Laura Ingalls Wilder Museum
In 1974, Little House on the Prairie premiered on NBC. This television program became a must-watch show in households all over the country and even today in a recent interview actress Melissa Gilbert noted a resurgence in people watching the series during the pandemic. Not long after the launch of Little House on the Prairie, in the fall of 1974, the Laura Ingalls Wilder Museum opened its doors.
The museum’s collections are housed in a series of interesting buildings, including an 1898 depot, a chapel, an onion-domed house, dugout display, little red schoolhouse, early settler home, and covered wagon display.
Amy Foster, director, has about 20 years of purchasing experience and in her current role she oversees operations and is responsible for purchasing merchandise for the gift shop. “I have been with the museum since April 1999. I started as the office manager and have now been the director since July 2004,” Foster said. She even grew up in Walnut Grove and as a youth, she volunteered at the museum.
The gift shop is important to this destination as it helps support the museum, providing about 70% of its income throughout the year. Merchandise is focused on pioneer-related items from the 1860’s to the 1900’s, such as bonnets, aprons, cloth dolls, doll clothes and ornaments. Traditionally, top-sellers include: Laura’s books, books related to the Ingalls family, bonnets, tin cups, slate boards and marbles. The store has experienced a slight shift in top-sellers since the pandemic. “Sweatshirts and t-shirts have been selling really well since re-opening,” she said.
“I search online, I look at ideas from museums&MORE, I attend the spring Minneapolis Gift Mart, and I listen to what the visitors are looking for,” Foster relayed about how she locates vendors and products for the store. The primary vendors Foster relies upon currently include: Harper Collins for books, Squire Boone, Aurora Plush, Warrell Candy and local vendors for the hand-crafted items.
Foster enjoys using antiques, boxes, school desks and cabinets to display merchandise. “When I started we had a very small gift store. We built a new one in 2000, and added on to it in 2013. It gives us room to have a few fun displays and cabinets to break up regular book shelves,” she said. Foster also explained at this time, she hasn’t changed the way she creates displays in light of the pandemic challenges.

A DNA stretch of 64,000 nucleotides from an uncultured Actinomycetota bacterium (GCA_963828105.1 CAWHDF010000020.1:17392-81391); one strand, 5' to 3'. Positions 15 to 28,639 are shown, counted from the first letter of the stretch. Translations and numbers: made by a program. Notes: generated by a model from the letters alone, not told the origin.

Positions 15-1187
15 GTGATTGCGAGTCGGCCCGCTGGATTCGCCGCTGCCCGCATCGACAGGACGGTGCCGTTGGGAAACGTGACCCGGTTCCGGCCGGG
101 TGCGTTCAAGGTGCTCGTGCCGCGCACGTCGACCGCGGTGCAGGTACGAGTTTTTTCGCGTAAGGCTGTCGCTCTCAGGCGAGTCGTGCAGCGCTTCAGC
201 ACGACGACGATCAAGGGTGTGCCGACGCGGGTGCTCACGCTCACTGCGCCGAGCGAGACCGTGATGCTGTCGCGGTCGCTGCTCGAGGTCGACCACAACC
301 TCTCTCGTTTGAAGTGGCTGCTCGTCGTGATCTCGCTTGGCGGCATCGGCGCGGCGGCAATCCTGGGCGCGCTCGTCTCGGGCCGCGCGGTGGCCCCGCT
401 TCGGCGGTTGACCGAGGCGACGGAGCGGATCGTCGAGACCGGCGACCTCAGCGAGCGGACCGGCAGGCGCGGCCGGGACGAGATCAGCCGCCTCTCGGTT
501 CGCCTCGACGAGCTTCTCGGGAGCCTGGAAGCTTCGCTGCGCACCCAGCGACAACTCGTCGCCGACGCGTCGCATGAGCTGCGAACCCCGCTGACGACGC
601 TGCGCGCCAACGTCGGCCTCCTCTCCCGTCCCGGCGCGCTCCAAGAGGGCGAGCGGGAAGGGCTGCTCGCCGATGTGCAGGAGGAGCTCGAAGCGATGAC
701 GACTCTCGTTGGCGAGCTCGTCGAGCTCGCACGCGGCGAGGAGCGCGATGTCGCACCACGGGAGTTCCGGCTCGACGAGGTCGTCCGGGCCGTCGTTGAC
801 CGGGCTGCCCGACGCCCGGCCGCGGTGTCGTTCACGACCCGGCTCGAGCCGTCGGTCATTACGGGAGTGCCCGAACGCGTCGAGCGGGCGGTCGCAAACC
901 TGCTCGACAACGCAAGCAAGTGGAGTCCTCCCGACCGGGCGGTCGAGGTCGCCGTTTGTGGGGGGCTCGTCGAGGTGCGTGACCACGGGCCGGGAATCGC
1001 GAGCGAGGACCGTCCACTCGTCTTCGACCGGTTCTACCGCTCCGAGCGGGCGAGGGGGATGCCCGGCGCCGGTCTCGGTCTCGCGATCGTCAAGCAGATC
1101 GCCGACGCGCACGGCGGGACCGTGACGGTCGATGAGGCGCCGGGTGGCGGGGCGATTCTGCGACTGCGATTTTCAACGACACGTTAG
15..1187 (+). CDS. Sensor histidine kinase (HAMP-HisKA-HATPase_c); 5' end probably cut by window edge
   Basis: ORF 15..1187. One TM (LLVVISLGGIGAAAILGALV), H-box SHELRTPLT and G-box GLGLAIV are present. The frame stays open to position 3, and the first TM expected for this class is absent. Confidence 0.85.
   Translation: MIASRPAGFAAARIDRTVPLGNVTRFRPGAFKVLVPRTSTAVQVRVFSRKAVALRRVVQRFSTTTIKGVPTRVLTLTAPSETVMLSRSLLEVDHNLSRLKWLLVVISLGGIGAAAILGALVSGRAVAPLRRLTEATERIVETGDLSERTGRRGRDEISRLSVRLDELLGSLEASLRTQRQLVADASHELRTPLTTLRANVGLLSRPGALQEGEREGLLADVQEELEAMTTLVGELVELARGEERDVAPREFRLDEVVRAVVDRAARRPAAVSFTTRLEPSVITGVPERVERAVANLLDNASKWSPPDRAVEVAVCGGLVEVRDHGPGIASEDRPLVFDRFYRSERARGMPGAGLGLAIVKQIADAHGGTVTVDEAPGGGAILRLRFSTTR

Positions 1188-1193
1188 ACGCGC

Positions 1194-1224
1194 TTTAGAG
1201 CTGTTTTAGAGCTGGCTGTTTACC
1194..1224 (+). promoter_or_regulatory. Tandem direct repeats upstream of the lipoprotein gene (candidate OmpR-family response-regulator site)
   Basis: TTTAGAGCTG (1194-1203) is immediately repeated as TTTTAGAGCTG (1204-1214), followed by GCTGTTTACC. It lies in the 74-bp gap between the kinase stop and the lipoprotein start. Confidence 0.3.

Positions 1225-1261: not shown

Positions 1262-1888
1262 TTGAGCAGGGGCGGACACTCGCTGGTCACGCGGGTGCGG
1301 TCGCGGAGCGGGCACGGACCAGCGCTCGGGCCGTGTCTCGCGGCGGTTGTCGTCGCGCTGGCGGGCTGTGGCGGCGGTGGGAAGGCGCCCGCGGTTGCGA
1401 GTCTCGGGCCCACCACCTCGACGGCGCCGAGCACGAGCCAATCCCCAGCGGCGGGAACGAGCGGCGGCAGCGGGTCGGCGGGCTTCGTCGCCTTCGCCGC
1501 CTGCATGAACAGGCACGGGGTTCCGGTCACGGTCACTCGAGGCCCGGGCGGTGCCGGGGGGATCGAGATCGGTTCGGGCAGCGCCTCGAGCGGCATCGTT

And she readily shared advice when it comes to procuring product: “I’ve been lucky over the 20 years of purchasing to only have a few fails in merchandise. Sometimes you just have to give that new item a try and see if it will work.”
The pandemic impacted this museum, as it did many other cultural institutions around the globe. “We process mail orders year round, and that helped a great deal March through June. We just opened June 19 instead of our normal April 1 opening,” Foster said. “I let some of our inventory run low, as we had no idea when we would be allowed to open and to what extent. Merchandise is just arriving now and mail orders are still being placed.” She also explained that she will not attend shows the remainder of the year and purchasing for the gift store will be down from last year.
During the closure, The Laura Ingalls Wilder museum promoted more on its Facebook page. “Actress Alison Arngrim (Nellie Oleson from Little House) has been reading the Little House books live since the shut down began, and has been wearing and selling our bonnets, autographed,” detailed Foster. “She has sold over 200 bonnets since the end of March, and that has helped us a great deal. Many of her fans have also gone to our website to purchase other items as well. Alison has always been a huge supporter of the Laura Museums.”
The museum has reopened and masks are mandatory, yet some visitors do not want to wear them. Other COVID-19 modifications that Foster shared included the limiting of buildings open to the public due to the numerous hands-on displays in those buildings. Additionally, it had to cancel its traditional Wilder Pageant, a play which typically takes place outdoors three weekends in July. “During these weekends we make 50% of our year’s income. The pageant has been in production since 1978 and this is the first year without it due to COVID-19 … it’s going to be a very quiet and strange July for us,” Foster described.
Foster described that visitors are pleased to have the museum open again and stated a preference for smaller tourist locations, such as The Laura Ingalls Wilder Museum in lieu of a larger cultural institution.
Currently, the museum is revamping its website, a project already slated to occur. Foster hopes with this revamp, more gift items will be available for purchase online, along with updated descriptions on the museum buildings.
New cleaning procedures have been enacted, which include the sanitization of door handles, counters, credit card machines, and anywhere visitors may touch upon entering and exiting. And some minor changes in staff have occurred. Foster relayed some advice: “Have a discussion with your staff. See how they feel about working on the front line. I had one (staff member) that was not able to work with the public due to previous health issues, and two that assist older family members.”
Museum displays and gift shop merchandise truly reflect the history of the Ingalls Family in Walnut Grove, and the memorabilia from the television stars’ visits are part of what attracts visitors to this destination.